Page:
When it comes to cultural heritage, Italians like to boast that theirs is the richest in the world, even if they are chronically short of the money needed to tend to it.
Yet the art world is in an uproar over suggestions from Italy’s culture minister, Sandro Bondi, that the country should think of its state museums and archeological sites as generators of revenue. It hasn’t helped that Bondi has chosen Mario Resca, who ran McDonald’s Italian subsidiary for 12 years, to head a new ministry directorate to develop the museums and ancient sites. Resca has no experience in arts management, and commentators have joked that the government is serving up “fast-food culture” or a “McCaravaggio and medium Coke.”
But the deepest concern in art circles centers on the government’s apparent shift from a constitutional mandate to protect Italy’s cultural heritage toward an entrepreneurial model that exploits it. It is lost on no one that Italian Prime Minister Silvio Berlusconi, who assumed his office for the third time in May, is a megawealthy businessman and proud of it.
“What’s at stake is the conservation and transmission of millenary values that one government must not be allowed to undersell or demolish,” said Marisa Dalai Emiliani, president of the Ranuccio Bianchi Bandinelli Association, a cultural research institute.
Last Monday the association organized a daylong seminar on the arts in Italy ominously titled “Cultural Heritage Emergency.”
A petition against the appointment of Resca, whose powers as museum supermanager include the authorization of loans and ruling on the cultural or scientific value of exhibitions, was circulated at the seminar and is now online. It has so far been signed by more than 1,100 people, the majority of them museum directors and art historians from around the world.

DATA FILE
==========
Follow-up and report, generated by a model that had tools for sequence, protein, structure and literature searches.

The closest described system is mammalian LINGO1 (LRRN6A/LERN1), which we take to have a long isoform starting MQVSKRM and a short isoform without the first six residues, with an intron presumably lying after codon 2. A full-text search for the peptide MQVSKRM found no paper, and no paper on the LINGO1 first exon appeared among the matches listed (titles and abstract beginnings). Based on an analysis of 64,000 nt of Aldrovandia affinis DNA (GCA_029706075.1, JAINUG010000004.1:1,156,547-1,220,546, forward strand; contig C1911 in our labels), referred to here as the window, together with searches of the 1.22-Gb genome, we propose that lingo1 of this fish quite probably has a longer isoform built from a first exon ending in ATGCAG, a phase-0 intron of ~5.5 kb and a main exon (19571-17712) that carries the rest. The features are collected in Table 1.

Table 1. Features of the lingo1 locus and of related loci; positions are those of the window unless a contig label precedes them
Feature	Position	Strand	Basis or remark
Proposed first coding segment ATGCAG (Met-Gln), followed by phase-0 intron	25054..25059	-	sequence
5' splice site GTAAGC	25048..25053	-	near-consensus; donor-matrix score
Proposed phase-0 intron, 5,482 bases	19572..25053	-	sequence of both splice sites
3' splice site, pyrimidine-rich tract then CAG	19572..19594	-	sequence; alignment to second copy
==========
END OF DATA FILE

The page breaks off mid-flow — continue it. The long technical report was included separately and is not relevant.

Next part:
The appointment hinges on the approval of some Culture Ministry reforms that are to be considered at a Cabinet meeting next week.
Resca readily agrees that he might not have been an obvious choice for the job. But he says he is confident that he has the right skills to get the most out of what he sees as an insufficiently tapped national resource.
“I’m an outsider, and I know that there are concerns — it’s enough to read the papers,” he said, referring to the deluge of indignant editorials that have been published since he was nominated last week, but he said he saw room for improvement in state museum management.
Italy’s cultural patrimony is a “strategic asset like oil, with zero costs because it’s there,” Resca said. “Of course, you have to protect it and care for it, but it has a value that we can leverage and develop.”
Some say the choice of Resca was particularly galling because Bondi named him without consulting top-ranking Culture Ministry officials or its advisory board.
“If the minister had listened, he’d have heard that what museums really need is not a boss, but more flexibility — that is, more autonomy,” said Daniele Lupo Jalla, the national president of the International Council of Museums.
He said the chief challenge for Italian museums was not a lack of central leadership but the “unbearable heaviness of its patrimony, which costs a lot to maintain.”
As economies sputter around the world, the arts have been among the sectors hardest hit by government cutbacks and dwindling private resources. In Italy more than 1 billion euros (US$1.25 billion) have been slashed from the Culture Ministry’s budget over the next three years.